From the Heart: Powerful Stories from Passionate Educators
Queenie Hall, Rock Hill Schools, SC
Queenie Hall tried not to go into education. Sure, her mom was a teacher for more than 40 years and her sister was an educator. But Queenie wanted a different path.
She majored in communications, did a lot of internships, and got a sales job right out of school. But it wasn’t too long before Queenie realized that she was called to education. So, 20 years ago, she joined the family business— and it was one of the best decisions she ever made.
Queenie spent five years teaching and, for the last 15 years, has served as an instructional specialist for the Rock Hill Schools in South Carolina (about an hour from Gaffney, where her sister is superintendent of schools). Her job is to inspire and support the social studies and English language arts teachers who serve Rock Hill’s 17,000 students.
Queenie loves the new teacher orientation sessions she leads each year. She sees the passion that new educators have and how excited they are to share what they know with their students. It’s Queenie’s job to make sure these educators are as excited about learning as they are about teaching. But that’s not an easy task these days.
“It’s a lot harder to be a teacher than it was when I started teaching,” Queenie said. “They have so much on their plate, so many demands, that it’s hard to find time for them to do anything extra in professional development.”
But she knows professional development is more important than ever—especially since Rock Hill started rolling out its technology initiative five years ago. Rock Hill is trying to bridge the digital divide in its schools where nearly half of the students are living below or near the poverty line. The “iRock” initiative is not just providing mobile learning devices to students, but also employing digital resources and textbooks, like Social Studies Techbook. It’s an exciting opportunity for innovation in education, but only if teachers know how to best use the devices and resources to engage students.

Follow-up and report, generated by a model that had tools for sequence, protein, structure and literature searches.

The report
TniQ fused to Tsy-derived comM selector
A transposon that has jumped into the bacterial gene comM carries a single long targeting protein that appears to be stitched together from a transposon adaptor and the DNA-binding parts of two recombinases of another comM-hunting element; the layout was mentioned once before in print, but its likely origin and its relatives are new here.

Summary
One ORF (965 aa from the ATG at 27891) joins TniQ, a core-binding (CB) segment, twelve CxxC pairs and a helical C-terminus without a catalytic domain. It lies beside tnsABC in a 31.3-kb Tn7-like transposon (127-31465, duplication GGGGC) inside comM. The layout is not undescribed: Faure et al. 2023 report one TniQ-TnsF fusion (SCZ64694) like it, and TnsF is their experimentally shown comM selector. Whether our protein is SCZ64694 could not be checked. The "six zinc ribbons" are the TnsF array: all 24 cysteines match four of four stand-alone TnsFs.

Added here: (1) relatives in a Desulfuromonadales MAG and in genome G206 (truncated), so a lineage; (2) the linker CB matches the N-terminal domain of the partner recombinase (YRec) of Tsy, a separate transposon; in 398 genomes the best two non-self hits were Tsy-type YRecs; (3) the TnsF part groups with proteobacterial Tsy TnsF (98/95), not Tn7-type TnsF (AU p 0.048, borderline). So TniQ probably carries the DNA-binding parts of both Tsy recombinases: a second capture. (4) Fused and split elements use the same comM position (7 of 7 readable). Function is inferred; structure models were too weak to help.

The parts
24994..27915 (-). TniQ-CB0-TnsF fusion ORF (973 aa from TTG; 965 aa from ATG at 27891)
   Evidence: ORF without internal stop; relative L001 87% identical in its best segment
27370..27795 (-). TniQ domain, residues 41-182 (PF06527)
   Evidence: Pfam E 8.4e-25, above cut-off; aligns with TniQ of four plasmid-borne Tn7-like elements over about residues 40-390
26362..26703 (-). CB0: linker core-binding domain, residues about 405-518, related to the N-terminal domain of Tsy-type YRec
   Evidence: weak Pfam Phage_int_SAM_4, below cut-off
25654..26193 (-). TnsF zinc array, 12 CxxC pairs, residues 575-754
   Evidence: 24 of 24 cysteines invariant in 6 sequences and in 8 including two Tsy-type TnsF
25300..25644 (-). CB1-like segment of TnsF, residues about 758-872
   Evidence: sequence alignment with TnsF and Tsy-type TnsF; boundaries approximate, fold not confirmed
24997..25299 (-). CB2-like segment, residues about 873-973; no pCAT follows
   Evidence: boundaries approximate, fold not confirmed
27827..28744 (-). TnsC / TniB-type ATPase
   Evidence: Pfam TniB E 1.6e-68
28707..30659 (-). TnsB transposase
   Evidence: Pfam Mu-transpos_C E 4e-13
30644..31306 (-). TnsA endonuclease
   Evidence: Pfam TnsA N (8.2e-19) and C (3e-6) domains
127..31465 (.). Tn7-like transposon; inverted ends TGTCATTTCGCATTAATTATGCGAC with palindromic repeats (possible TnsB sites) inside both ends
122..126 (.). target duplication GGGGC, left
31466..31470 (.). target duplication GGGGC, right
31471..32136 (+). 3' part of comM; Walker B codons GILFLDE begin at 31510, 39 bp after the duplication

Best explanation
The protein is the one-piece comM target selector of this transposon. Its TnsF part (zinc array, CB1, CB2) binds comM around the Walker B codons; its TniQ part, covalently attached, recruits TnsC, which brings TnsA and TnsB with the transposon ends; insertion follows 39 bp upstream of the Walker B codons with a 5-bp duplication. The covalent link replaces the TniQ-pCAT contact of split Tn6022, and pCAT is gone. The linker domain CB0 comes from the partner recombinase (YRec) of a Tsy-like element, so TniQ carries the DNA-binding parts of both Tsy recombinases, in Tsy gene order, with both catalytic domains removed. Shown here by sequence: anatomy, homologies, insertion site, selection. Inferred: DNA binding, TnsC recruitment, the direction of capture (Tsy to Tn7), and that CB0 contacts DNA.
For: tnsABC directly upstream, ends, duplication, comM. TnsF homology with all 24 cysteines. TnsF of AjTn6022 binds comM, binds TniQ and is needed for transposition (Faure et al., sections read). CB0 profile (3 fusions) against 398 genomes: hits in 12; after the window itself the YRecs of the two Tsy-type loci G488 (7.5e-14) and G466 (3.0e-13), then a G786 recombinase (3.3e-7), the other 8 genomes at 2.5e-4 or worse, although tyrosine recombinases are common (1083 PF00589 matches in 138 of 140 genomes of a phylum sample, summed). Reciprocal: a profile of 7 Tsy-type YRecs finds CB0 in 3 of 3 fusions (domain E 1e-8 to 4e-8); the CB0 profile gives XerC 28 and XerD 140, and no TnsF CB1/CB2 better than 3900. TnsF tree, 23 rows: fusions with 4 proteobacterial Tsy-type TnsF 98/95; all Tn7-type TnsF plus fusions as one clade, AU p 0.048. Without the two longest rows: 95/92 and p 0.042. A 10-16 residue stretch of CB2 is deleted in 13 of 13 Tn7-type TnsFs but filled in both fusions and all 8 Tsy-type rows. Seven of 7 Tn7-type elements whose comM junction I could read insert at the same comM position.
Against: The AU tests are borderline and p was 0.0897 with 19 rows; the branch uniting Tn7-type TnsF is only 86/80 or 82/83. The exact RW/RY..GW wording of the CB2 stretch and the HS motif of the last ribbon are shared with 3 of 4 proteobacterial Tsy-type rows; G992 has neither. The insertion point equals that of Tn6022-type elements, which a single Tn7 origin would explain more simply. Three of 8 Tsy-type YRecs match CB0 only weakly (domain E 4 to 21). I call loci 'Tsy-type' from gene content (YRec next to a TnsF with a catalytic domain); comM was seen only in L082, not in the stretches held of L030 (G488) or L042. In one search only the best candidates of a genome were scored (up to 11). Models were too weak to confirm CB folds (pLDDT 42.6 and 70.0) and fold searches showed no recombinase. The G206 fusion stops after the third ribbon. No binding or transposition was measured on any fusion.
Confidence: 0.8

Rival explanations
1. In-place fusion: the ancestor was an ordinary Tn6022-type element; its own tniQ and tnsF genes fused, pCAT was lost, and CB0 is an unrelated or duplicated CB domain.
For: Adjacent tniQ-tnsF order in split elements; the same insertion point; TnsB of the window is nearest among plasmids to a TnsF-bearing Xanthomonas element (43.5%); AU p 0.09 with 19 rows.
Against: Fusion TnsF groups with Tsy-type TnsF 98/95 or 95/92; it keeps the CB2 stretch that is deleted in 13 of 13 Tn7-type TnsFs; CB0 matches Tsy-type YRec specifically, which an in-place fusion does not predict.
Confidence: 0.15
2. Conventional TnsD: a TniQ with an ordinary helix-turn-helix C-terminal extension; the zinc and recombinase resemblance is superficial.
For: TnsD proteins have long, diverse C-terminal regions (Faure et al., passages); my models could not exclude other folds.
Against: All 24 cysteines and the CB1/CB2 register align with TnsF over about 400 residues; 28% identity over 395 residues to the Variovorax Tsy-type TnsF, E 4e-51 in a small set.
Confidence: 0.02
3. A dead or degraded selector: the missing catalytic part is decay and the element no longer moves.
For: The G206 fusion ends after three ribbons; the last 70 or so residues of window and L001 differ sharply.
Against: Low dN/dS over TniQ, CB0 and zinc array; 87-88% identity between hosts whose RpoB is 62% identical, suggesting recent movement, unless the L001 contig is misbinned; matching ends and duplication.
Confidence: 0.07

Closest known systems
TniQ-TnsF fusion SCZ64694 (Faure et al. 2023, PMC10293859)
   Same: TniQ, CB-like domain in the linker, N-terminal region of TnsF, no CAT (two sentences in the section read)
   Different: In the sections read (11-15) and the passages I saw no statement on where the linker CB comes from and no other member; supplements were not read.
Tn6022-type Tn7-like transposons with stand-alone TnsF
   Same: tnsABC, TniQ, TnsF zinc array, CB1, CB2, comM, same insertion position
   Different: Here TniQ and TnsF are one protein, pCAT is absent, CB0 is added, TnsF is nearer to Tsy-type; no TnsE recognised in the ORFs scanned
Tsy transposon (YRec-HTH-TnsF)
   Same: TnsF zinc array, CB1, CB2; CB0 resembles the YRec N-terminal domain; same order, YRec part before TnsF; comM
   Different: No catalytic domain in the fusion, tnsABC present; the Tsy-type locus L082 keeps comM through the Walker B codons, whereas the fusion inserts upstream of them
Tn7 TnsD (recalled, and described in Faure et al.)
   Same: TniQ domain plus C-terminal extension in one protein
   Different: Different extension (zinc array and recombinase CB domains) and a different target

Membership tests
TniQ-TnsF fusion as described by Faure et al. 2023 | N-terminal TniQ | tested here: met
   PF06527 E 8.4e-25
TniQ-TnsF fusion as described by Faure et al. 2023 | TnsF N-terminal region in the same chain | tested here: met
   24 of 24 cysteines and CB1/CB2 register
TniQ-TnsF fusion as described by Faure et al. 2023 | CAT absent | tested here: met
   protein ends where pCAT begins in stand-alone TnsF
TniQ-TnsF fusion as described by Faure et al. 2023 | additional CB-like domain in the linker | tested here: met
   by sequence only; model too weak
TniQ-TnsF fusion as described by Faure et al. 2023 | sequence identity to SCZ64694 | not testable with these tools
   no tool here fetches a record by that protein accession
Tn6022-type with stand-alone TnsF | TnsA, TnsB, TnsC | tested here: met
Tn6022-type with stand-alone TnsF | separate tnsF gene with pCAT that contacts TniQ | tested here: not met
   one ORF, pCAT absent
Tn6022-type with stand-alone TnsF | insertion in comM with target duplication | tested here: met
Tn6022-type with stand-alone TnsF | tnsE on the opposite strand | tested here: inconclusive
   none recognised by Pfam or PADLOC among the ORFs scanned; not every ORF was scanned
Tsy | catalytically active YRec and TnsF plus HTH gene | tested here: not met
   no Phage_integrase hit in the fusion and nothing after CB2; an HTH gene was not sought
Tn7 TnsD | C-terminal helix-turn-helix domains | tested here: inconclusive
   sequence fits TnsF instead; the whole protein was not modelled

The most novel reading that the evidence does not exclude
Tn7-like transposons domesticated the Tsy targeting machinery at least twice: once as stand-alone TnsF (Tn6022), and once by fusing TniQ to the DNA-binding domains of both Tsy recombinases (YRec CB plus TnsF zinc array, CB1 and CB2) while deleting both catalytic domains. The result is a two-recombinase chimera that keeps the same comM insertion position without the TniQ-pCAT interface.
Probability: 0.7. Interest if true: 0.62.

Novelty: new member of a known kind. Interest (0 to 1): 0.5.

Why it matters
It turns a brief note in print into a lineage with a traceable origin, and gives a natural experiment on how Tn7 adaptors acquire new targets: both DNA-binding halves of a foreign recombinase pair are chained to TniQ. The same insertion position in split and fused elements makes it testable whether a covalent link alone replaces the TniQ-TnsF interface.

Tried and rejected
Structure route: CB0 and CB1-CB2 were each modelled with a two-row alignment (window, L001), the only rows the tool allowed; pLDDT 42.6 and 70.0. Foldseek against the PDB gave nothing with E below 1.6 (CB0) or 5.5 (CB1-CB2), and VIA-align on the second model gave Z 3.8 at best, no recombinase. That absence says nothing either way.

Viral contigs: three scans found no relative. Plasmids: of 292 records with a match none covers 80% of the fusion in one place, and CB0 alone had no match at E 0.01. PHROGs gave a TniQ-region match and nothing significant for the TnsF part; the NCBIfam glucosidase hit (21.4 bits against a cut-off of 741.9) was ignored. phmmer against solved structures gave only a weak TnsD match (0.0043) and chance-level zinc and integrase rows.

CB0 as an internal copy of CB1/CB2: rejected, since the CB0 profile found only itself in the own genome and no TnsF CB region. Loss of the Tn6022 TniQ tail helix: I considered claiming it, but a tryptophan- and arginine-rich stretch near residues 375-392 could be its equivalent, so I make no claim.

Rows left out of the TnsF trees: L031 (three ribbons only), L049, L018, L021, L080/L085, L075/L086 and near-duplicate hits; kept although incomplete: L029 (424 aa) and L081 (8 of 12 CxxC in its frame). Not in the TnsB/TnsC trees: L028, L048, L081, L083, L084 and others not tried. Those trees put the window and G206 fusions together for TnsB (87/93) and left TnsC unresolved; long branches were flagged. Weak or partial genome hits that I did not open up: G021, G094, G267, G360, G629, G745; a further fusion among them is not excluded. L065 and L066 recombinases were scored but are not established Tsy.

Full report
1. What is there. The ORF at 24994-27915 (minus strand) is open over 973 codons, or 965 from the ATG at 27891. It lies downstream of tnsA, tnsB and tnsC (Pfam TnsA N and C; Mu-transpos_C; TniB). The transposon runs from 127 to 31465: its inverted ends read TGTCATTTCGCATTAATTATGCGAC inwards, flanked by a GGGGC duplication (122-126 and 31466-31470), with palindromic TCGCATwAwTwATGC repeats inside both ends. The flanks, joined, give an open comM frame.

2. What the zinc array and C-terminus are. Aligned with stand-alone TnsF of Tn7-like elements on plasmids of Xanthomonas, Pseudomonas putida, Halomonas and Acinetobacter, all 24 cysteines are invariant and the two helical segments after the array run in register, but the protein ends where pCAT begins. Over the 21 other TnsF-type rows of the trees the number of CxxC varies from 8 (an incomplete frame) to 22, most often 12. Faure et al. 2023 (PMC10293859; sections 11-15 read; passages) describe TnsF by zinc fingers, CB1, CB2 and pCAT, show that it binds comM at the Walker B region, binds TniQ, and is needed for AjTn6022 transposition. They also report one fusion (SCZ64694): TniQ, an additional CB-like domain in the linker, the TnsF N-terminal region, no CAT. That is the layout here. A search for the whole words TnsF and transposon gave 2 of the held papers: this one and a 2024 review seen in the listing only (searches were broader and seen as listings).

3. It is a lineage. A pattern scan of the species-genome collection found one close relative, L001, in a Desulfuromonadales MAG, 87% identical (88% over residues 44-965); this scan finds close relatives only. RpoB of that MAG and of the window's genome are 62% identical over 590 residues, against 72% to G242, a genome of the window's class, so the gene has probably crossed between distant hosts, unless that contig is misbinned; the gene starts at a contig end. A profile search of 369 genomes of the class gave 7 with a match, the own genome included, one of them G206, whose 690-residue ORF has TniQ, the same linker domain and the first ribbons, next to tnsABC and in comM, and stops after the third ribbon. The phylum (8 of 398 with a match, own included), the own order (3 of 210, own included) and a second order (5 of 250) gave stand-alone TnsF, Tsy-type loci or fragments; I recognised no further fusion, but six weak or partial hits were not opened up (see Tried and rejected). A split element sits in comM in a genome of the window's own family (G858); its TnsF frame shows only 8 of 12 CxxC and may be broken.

“Teachers need support for how to use digital content effectively and how to be facilitators in the classroom,” Queenie said. However, it is important to roll out the technology—and the professional development that goes with it—slowly and methodically.
One idea that worked in Rock Hill was to start with a small cadre of teachers who were willing to embrace the technology first and use those volunteers to help develop the planning and professional development. Queenie also believes it’s important to support professional learning communities—teachers want the opportunity to plan together, and share ideas and best practices.
“We have to be savvy with how we work with today’s teachers and respect the demands on their time,” Queenie said. “That’s why they need reliable digital resources to support learning. If they have that, they won’t spend hours searching the Internet and they will be more comfortable with the technology.“
Queenie says she thrives on learning new things and tries to bring that passion when she is working with teachers. “It’s not just a job, it’s a calling.”
So she doesn’t regret following in the footsteps of her mother for a minute.
What Queenie loves most about Techbook is how it strengthens literacy skills and helps students read and write like historians
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